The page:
Photo by Vlad Cheu021ban on Pexels.com “Why aren’t they just able to cope? They need to be more resilient.” UK National lockdown in March 2020 threw all of us into a land of unknowns.  In education, carefully crafted spiralling curricula was suddenly disrupted and at every level new ways had to be found to fulfil … Continue reading Lessons in resilience for early career teachers

Discovering Lego: Growing as an early career teacher

During the SHP Virtual Conference in July, I got into a Twitter conversation with a beginning teacher who, following Christine Counsell’s presentation on ‘The what, why and how of broadening historical content at KS3’, commented that he felt like a teaching toddler:   This feeling of not having done enough or learnt enough or not … Continue reading Discovering Lego: Growing as an early career teacher

Why bother mentoring a beginning teacher? What’s in it for me?

I remember the moment I was first asked to be a NQT mentor. The news was delivered as a fait accompli, and my heart sank. It wasn't that I didn't want to do it, I did, but I had just gained my first middle leader promotion and was in the middle of a MA. I … Continue reading Why bother mentoring a beginning teacher? What’s in it for me?

Supporting your new NQT colleague to THRIVE amidst a global pandemic

Around this time last year I wrote about how beginning teachers could make the most of their final weeks as PGCE students in the classroom.  This year, they do not have classrooms, they only have the virtual PGCE programme to prepare them for NQT in the absence of critical practical experience.  I asserted previously that … Continue reading Supporting your new NQT colleague to THRIVE amidst a global pandemic

Embracing the space: A journey into training to be a teacher virtually

Photo by Ingo Joseph on Pexels.com Before I begin this blog it is important to establish that I am utterly convinced of the importance of partnership in Initial Teacher Education.  Training teachers ‘outside’ the classroom environment in a purely theoretical realm is just not possible; theoretical knowledge cannot be easily interpreted by teachers into effective … Continue reading Embracing the space: A journey into training to be a teacher virtually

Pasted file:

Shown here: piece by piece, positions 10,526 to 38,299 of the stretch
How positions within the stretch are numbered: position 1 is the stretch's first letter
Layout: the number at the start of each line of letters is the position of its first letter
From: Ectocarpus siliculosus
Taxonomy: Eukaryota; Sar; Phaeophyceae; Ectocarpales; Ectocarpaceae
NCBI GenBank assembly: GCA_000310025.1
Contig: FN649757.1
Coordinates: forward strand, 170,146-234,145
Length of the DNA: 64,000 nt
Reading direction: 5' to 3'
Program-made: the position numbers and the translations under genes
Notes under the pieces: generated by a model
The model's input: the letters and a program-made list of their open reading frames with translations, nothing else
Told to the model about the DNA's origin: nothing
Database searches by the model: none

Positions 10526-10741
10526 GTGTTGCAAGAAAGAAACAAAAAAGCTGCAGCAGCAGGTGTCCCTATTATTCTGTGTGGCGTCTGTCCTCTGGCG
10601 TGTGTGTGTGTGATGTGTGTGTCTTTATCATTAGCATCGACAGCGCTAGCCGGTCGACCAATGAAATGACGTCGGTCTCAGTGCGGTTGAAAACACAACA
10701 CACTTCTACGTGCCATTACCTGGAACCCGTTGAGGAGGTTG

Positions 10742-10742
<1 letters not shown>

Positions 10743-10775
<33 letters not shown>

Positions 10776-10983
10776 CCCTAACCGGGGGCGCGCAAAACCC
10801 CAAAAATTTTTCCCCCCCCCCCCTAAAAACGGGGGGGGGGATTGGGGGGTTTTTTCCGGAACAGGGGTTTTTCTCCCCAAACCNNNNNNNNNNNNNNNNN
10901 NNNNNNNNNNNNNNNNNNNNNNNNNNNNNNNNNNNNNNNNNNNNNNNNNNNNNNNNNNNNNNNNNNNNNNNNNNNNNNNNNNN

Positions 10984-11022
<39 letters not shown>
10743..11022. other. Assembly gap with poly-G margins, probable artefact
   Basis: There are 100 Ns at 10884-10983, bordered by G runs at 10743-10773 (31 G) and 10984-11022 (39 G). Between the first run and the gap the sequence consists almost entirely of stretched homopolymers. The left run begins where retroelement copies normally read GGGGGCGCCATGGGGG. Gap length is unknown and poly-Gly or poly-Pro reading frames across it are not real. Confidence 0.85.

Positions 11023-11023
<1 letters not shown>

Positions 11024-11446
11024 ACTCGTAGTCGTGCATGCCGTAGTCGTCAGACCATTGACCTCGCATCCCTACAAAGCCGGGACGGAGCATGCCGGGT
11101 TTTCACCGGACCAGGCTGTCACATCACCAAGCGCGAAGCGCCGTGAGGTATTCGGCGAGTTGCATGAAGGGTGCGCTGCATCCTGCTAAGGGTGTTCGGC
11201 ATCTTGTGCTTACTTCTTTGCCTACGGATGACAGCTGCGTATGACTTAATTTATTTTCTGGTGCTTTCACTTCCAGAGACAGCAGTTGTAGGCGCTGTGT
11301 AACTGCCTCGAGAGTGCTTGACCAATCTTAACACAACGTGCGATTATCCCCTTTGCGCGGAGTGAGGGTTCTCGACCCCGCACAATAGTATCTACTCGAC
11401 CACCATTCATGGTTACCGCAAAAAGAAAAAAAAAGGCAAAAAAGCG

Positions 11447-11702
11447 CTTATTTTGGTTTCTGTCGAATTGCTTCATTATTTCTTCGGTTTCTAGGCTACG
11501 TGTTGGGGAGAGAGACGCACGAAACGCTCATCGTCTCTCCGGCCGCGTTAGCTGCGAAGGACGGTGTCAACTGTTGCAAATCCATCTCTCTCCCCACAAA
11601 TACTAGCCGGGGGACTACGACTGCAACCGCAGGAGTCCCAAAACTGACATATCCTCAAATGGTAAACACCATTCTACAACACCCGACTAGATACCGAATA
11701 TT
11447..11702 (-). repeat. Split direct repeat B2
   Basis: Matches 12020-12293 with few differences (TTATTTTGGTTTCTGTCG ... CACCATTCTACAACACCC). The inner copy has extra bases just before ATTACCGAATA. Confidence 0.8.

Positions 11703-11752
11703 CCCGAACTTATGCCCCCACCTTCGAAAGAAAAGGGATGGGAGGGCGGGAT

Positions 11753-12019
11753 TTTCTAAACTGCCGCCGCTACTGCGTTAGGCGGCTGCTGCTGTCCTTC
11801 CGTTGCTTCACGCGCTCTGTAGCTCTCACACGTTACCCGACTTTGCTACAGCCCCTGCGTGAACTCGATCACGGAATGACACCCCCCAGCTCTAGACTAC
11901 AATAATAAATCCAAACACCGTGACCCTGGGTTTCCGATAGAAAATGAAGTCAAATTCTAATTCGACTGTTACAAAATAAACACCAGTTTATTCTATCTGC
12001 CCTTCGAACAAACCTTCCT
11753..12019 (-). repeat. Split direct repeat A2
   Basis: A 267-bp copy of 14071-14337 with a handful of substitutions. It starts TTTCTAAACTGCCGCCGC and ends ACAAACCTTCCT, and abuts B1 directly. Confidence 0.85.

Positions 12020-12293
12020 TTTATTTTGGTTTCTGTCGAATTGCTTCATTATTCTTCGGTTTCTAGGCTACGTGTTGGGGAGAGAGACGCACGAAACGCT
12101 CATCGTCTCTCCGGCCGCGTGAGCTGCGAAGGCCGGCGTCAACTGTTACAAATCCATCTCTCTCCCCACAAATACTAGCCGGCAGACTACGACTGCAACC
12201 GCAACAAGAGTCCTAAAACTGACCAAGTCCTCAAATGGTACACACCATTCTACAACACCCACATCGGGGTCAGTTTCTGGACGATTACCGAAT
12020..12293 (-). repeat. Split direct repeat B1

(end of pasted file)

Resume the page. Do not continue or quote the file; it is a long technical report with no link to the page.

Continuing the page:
A shape-sorter understanding: Why mentees find changing teaching placements so hard

We're approaching that time in the ITE year when our students prepare to move to a new school setting for their second teaching practice. Having just settled into their placement school, having just found their feet as beginning teachers, we uproot them and transplant them into a brand new context, with different children, staff team, … Continue reading A shape-sorter understanding: Why mentees find changing teaching placements so hard

Worrying about Wanda: Supporting your mentee’s well-being and workload

Photo by energepic.com on Pexels.com Wanda had started to struggle.  It was small things at first, a partially completed lesson plan with the promise that the full version would follow and a set of books she’d taken home for marking accidently left in her kitchen on the day they were due to be returned.  Finally, … Continue reading Worrying about Wanda: Supporting your mentee’s well-being and workload

Creation not Emulation: Developing teacher persona

Photo by Pixabay on Pexels.com Edward was a quiet, some might say timid, chap.  When he started his teacher training it was hard to imagine him standing in front of a hardened year 8 class, let alone 'managing' them during a wet and windy Friday period 5.   Edward was great when working with pupils one … Continue reading Creation not Emulation: Developing teacher persona

The Power of Partnership in Initial Teacher Education

Photo by Pixabay on Pexels.com One of our history ITE mentors likes to talk about the way she and I often perform a ‘pincer movement’ on the beginning teachers we share.  This sounds much more aggressive than the reality!  Our ‘pincer movement’ most often involves both of us praising the student for the same achievement … Continue reading The Power of Partnership in Initial Teacher Education

Optimistic, Observant and Open: What makes a successful PGCE/ ITE student?

Photo by Nikolay Draganov on Pexels.com "Come on then, what makes someone a good PGCE student?", I was asked by a friend during the summer break. The faces of those successful beginning teachers I've supported over the past few years flashed through my mind. How do you answer that question? All of those people successful, … Continue reading Optimistic, Observant and Open: What makes a successful PGCE/ ITE student?